• The visiting nurse service was unable to cover its expenses; the decision to close it was reported in December.
  • Emergency department outsourcing is an industry trend, and will help Ellis recruit physicians.
  • The McClellan Street campus is aging and partially vacant; Ellis wants to find a more efficient use for it, possibly through partnership with a developer or outright sale.

The last two points are relatively new: The outsourcing agreement has not taken effect yet, and the redevelopment of McClellan is only in the exploratory stages, Schwartz said.

Envision Physician Services will become Ellis’ partner in the Emergency Department later this year, he said, adding that there will be little visible sign of the change to the public: The current Ellis doctors will remain there under new employment while the nurses and other staff will remain Ellis employees.

Envision is a national presence in the outsourcing industry, and has gained some fame beyond the industry over unexpected out-of-network provider charges. New federal legislation has reduced the threat of this “surprise billing,” and strong legislation previously enacted in New York had already prevented it here. 

SPHP has worked with Envision since 2015.

The plans for McClellan Street are undetermined; there’s only a plan to make plans.

“There’s not a for-sale sign out in front of the property,” Schwartz said.

The campus currently houses numerous smaller departments for Ellis Medicine: the nursing school, a walk-in primary care clinic, a nursing home, pediatric care, offices for finance, human resources and IT employees, and, in recent months, a pop-up COVID and flu clinic.

The buildings are old and partly vacant and the campus offers more space than needed, Schwartz said.

Ellis Medicine could remain on-site as a tenant if it reaches agreement with a developer, or it could move its services and personnel off-site. Quarters are tight at Ellis Hospital on Nott Street but there is a large unfinished space above the Emergency Department and the structural strength would allow additional floors to be built above that.

Schwartz said there’s a sentimental and emotional attachment among some area residents to the McClellan campus, because of its 60-year run as St. Clare’s. 

“We want to respect that and also recognize it’s not an efficient use of space and it’s expensive to maintain.”

Categories: Business, News, Schenectady County


Thank you for covering this and the implications of a religious-based institution becoming the hospital of the City (and County) of Schenectady.

I do take issue with the comment, “a sentimental and emotional attachment among some area residents to the McClellan campus” (Schwartz, of Ellis). That of course, to a business person, is laying the grounds for ‘a luxury we simply can’t afford’. In fact the attachment to St. Claire’s is also out of need, but where there’s money to be made it’s good to be clear what can be jettisoned and only risk hurting some quaint sentimentalities. SPHP and Trinity care little for sentimentalities and people’s “feelings” when there’s money to be made. I’ve seen it up close.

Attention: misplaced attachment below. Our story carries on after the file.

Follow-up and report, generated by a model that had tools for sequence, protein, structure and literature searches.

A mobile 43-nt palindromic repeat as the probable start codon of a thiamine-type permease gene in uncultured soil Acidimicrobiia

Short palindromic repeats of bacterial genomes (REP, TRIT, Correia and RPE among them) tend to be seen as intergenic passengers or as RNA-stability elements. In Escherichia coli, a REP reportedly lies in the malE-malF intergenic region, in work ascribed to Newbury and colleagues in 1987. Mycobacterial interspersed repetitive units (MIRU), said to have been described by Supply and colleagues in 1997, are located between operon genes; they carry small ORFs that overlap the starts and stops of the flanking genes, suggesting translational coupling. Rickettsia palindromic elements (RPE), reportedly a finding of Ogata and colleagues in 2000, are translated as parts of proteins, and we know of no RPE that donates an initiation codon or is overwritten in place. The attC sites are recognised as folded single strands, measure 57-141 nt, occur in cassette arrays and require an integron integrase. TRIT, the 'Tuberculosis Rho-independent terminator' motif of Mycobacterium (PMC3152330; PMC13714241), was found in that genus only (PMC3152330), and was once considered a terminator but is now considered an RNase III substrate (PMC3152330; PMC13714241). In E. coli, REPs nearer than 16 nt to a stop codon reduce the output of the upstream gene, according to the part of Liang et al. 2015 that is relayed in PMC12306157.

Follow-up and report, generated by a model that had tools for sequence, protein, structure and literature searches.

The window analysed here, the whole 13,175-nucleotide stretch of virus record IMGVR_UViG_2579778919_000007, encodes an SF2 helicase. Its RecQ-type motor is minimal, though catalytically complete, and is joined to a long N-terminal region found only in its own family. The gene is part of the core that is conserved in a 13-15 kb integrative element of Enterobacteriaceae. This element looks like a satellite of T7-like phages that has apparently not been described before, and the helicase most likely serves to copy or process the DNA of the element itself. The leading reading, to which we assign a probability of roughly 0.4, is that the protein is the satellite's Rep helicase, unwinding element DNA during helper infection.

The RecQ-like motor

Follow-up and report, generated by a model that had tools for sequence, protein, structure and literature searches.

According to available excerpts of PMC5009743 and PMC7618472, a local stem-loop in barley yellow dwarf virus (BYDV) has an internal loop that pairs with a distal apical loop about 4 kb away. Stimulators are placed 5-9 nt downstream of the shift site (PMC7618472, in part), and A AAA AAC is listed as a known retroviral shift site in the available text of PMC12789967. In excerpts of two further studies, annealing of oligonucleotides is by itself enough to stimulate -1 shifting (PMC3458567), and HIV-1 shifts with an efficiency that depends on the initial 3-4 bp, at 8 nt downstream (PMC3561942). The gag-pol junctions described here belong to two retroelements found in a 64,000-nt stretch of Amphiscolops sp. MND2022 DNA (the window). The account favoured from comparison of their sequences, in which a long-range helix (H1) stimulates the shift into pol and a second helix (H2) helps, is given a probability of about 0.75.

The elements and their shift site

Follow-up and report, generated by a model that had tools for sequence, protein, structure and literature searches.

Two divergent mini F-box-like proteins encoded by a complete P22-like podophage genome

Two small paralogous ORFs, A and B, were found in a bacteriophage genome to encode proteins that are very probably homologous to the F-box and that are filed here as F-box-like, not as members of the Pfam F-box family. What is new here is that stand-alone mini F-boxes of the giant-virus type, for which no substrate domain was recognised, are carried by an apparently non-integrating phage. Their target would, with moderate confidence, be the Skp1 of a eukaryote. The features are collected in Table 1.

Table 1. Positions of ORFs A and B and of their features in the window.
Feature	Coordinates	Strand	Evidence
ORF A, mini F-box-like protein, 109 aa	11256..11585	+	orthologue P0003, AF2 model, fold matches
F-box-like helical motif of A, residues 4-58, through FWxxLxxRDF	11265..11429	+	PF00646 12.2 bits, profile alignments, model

The Daily Gazette would also do well to do some research on hospital monopolies and how they affect communities’ costs and quality of service. Any regular viewer of CBS’ “60 Minutes” knows what I’m referring to. And there’s much more out there documenting this. The public needs to know about it and how Schenectady will address it.

For example, from CNBC:
“OpEd: Hospital monopolies are making us poorer and sicker”

Sometimes, what looks like bad news comes along with a silver lining.
This is not one of those times.

For years, we’ve seen the evidence that hospital mergers generally contribute to rising health care costs in America. That’s despite hospitals arguing otherwise.

But now, a new study in the New England Journal of Medicine rubs salt in the wound by showing how hospital mergers aren’t improving health care quality and often make it worse.

To summarize: hospital consolidation in America has been contributing to higher costs, and now we find out it’s also likely a major cause of overall health care quality going down.


Thanks for your comment, ChuckD. I do not want the Catholic Church or any of its institutions deciding ANYTHING about my medical care or anyone else’s in this county. Most of the description of what Ellis wants to do sounds like it is based on money not patient care. Who thinks that outsourcing the ED is a great idea??????? That also sounds like its about money. We only have one hospital in the county and maybe we deserve better.